The main attraction of JamPlay is its variety of courses on offer. There are over 450 courses taught by more than 100 guitar teachers. You have two payment options to access this content. Either pay for specific courses outright or get to use them all by paying a membership fee. If you buy a course outright, you can download it and watch the content offline.
There are three membership tiers, with higher tiers offering one-on-one consultation, additional tools and various other perks. The basic paid subscription unlocks the mobile apps and the core library of content.
JamPlay is quite possibly one of the most comprehensive online guitar teaching sites we’ve ever seen. Compared to the price of lessons with a local guitar teacher, it’s more than a bargain.
You’ll find many people on YouTube with immense amounts of talent both for playing and teaching the guitar. If you put some time into sampling the best YouTube guitar channels, you can probably piece together a real masterclass course from the various offerings YouTube has.
Many of the freely available lessons on YouTube are actually from some of the paid services mentioned above and acts as advertising for those products. However, if you’re just looking to learn to play the guitar using specific pro tips and not an entire course, these sorts of videos are perfect.
While it’s best to go exploring the guitar treasures of YouTube yourself, here are a few great examples to get you started:
- JustinGuitar: Great YouTube lessons, though plenty of promotion for justinguitar.com.
- Fender: Plenty of great individual lessons mixed in with advertisements for Fender gear. A taster for the paid Fender Play platform.
- ArtistWorks: Fantastic tips, techniques and lessons from some of the best guitarists in the world.
Then there are amazing artists who don’t teach directly. By simply watching their videos you’ll be inspired and learn vicariously. Rob Scallon, Andy Rehfeldt and Leo Moracchioli are three prime examples.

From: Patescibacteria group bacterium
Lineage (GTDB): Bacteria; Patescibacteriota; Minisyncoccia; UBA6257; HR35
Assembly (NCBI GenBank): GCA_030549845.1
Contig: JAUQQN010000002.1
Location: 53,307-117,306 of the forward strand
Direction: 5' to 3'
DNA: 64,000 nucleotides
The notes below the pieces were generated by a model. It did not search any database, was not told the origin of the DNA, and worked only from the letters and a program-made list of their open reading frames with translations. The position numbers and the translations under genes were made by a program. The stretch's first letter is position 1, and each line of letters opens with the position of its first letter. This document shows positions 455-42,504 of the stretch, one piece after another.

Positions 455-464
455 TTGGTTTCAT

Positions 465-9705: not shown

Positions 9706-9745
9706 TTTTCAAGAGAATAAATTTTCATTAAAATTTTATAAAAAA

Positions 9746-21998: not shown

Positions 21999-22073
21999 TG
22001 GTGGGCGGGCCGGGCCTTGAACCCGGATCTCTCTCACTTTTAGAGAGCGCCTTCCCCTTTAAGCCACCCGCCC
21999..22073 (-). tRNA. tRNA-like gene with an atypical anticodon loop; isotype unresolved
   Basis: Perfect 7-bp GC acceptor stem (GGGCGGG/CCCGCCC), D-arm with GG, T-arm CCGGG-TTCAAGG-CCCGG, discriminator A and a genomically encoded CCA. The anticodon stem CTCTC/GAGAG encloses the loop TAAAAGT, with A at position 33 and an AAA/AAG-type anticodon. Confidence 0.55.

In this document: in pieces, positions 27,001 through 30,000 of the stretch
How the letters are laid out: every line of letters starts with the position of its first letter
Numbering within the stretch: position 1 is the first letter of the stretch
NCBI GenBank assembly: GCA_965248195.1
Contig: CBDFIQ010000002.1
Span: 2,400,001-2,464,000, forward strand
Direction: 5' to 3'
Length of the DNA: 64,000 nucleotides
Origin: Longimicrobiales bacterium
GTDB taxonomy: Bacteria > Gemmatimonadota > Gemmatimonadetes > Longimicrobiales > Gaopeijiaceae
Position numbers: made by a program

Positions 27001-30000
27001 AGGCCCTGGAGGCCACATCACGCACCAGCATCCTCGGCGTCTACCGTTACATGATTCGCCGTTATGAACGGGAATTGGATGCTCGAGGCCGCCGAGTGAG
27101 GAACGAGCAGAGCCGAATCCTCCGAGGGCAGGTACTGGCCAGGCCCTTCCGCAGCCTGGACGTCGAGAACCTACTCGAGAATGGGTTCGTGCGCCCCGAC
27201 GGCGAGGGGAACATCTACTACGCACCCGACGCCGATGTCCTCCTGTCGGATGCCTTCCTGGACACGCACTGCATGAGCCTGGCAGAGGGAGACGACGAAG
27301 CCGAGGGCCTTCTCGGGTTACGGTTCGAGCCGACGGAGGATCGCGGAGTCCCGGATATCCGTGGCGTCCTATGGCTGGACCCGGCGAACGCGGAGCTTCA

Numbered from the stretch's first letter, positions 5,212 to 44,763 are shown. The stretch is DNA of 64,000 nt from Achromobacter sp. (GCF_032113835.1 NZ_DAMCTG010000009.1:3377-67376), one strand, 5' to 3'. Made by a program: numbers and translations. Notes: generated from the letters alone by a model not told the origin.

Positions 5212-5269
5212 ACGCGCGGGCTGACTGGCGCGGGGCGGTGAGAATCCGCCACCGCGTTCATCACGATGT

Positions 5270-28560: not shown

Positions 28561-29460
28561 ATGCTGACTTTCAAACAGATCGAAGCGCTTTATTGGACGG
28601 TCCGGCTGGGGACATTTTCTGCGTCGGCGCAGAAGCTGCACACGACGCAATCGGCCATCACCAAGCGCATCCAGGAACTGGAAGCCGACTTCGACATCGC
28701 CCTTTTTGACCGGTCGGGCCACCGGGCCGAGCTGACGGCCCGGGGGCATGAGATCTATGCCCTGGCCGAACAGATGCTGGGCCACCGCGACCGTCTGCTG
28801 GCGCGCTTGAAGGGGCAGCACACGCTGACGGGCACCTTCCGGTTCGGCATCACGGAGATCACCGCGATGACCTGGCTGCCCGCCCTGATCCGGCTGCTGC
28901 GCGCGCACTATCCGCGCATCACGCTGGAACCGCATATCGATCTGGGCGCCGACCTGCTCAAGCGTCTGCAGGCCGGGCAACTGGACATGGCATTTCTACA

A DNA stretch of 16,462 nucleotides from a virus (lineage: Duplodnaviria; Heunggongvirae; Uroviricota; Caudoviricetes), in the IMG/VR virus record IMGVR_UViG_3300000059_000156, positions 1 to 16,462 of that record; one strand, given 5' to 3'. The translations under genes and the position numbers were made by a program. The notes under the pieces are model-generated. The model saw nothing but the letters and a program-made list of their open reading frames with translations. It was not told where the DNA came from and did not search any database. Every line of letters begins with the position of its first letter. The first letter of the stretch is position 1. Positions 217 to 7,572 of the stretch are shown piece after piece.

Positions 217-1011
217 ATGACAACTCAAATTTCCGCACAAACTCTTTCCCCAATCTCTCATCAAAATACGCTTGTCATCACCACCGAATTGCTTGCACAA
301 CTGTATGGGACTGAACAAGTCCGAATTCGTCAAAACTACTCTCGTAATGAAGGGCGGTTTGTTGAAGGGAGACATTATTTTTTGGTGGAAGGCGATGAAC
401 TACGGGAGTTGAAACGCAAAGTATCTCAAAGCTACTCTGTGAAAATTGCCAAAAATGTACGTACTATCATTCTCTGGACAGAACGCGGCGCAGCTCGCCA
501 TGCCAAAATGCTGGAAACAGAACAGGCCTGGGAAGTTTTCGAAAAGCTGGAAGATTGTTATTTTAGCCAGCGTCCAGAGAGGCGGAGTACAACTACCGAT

That being said, while there’s plenty of free content to learn the guitar on YouTube, you’re also more likely to run across bad guitar teachers as well. If you’re a novice player, it can be hard to tell the difference. Which is why you should spend some time in the comments of their videos to see if any more experienced players are pointing out issues with their lessons or content.
Fast Fingers of Fun
These modern guitar learning resources are a major step-up from the traditional ways of learning to play the guitar. The old approach would have involved one or two lessons with a teacher each week and hours of self-study by yourself with a book.
Not only can you now get personalized lessons with feedback, it all happens on your own time and at your own pace. Modern guitar students should make much faster progress using these new tools and platforms. That also means the bar has been raised, with younger players hitting higher levels of mastery more quickly.
The most important lesson you can learn about the guitar (or any other instrument) is to only compare yourself to, well, yourself. Practice consistently every day, don’t overdo it, and never be afraid to ask dumb questions. In the end, what matters most is playing the music you love and not what anyone else thinks.